A new global survey from PUMA and Modibodi has revealed that one-in-two teen girls are skipping out on sports because of their period. According to the study, teenagers with uteruses are opting out of sporting activities “because of embarrassment, pain or fear of leaks during their period,” a statement on the study shared.
The survey reviewed the experiences of 1,000 girls and women globally and overwhelmingly found that due to discomfort from wearing disposable menstrual products, a lack of education in this space, and the impact of physical pain, there was a strong trend for teenagers to avoid sport altogether.
There is also a strong fear associated with the risk of leaking; particularly during sports. This pressure, combined with the fact that the fitness industry has long struggled to create space for women and their bodies, just adds to the hurdles folks face in accessing sport.
Australian PUMA athlete and AFL Collingwood star, Sabrina Frederick gave a statement on the findings, sharing that although she pushed through and continued her relationship with sport, she wants to see other young girls feel as though that is an option for them too.
“I was one of the ones who stayed in sport. But for many girls, that’s not a reality. Periods shouldn’t stop young girls from participating in sport. These are numbers we need to address, to keep girls in sport longer.”
Periods in sports can be a pain
Although a huge chunk of the global population, and by extension, a huge chunk of our world’s athletes, experience menstruation, periods are hardly ever discussed in the context of sport. Less so, the impact that time of the month can have on your body.
Recently, however, during the Palos Verdes Championship, Lydia Ko spoke openly about the fact that her period was causing her back troubles as she played. The fact that this has made international headlines shows how little attention we give the topic.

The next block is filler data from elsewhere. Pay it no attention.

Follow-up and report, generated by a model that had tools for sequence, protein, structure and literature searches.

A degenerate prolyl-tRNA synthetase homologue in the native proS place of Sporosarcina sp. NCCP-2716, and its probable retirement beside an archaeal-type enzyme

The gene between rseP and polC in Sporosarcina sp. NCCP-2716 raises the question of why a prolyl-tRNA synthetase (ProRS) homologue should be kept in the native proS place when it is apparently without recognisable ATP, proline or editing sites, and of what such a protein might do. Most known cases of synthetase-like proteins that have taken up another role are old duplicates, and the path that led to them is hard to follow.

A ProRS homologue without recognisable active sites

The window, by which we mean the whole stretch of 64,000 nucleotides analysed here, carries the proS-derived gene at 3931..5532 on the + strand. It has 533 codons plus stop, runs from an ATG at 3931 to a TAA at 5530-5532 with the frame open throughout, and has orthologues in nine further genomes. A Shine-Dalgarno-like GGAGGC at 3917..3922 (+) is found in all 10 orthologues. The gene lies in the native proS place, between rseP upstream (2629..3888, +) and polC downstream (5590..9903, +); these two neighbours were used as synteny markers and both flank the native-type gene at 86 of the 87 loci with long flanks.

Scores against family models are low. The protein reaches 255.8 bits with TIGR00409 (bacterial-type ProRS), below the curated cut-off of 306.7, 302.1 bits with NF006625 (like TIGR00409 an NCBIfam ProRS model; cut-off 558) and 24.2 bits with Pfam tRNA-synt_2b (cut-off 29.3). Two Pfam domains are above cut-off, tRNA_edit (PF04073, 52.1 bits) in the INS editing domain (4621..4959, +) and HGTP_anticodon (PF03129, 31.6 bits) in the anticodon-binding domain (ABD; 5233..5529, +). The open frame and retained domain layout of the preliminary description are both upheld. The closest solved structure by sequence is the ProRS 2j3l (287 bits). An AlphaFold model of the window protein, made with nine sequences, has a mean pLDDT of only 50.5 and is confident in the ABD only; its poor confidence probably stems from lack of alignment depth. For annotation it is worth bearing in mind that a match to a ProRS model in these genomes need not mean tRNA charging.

There have been studies into whether or not your period cycle impacts your ability to perform athletically, and per certain examples of research, it is believed that there certainly could be. Add to that the psychological strain teenagers experience (as mentioned above), and physical pain, and you’ve got a pretty profound issue. There’s also the barrier of training with breasts, which is another element entirely.
In any case, if we’re going to reduce the likelihood of girls dropping out of sport at a young age, many things will need to change. One such example is better sports-friendly menstrual products, which PUMA and Modibodi have recently attempted.
The PUMA x Modibodi collection consists of 3 styles of active underwear: thong, brief and boyshort. Using Modibodi’s Modifier Technology, the range boasts the ability to wick away moisture and sweat, as well as “lock away” fluid and odours.
Kristy Chong, CEO and Founder, Modibodi shared in a statement that:
“3 in 5 teens skip sport due to fear of leaking or revealing their period which is why we are thrilled to launch this collection with PUMA and together normalize menstruation and tackle the stigma that women can’t be active on their periods or when experiencing any of life’s leaks.
“Our data also shows that 1 in 2 experience discomfort from disposable menstrual products like pads and tampons when participating in sport or physical exercise- so by releasing this range of leak-proof underwear we are hoping to make playing sport on your period more comfortable, more protected, and more possible than ever. Changing the world should be as easy as changing your underwear. Waste-free, leak-free, worry-free protection.”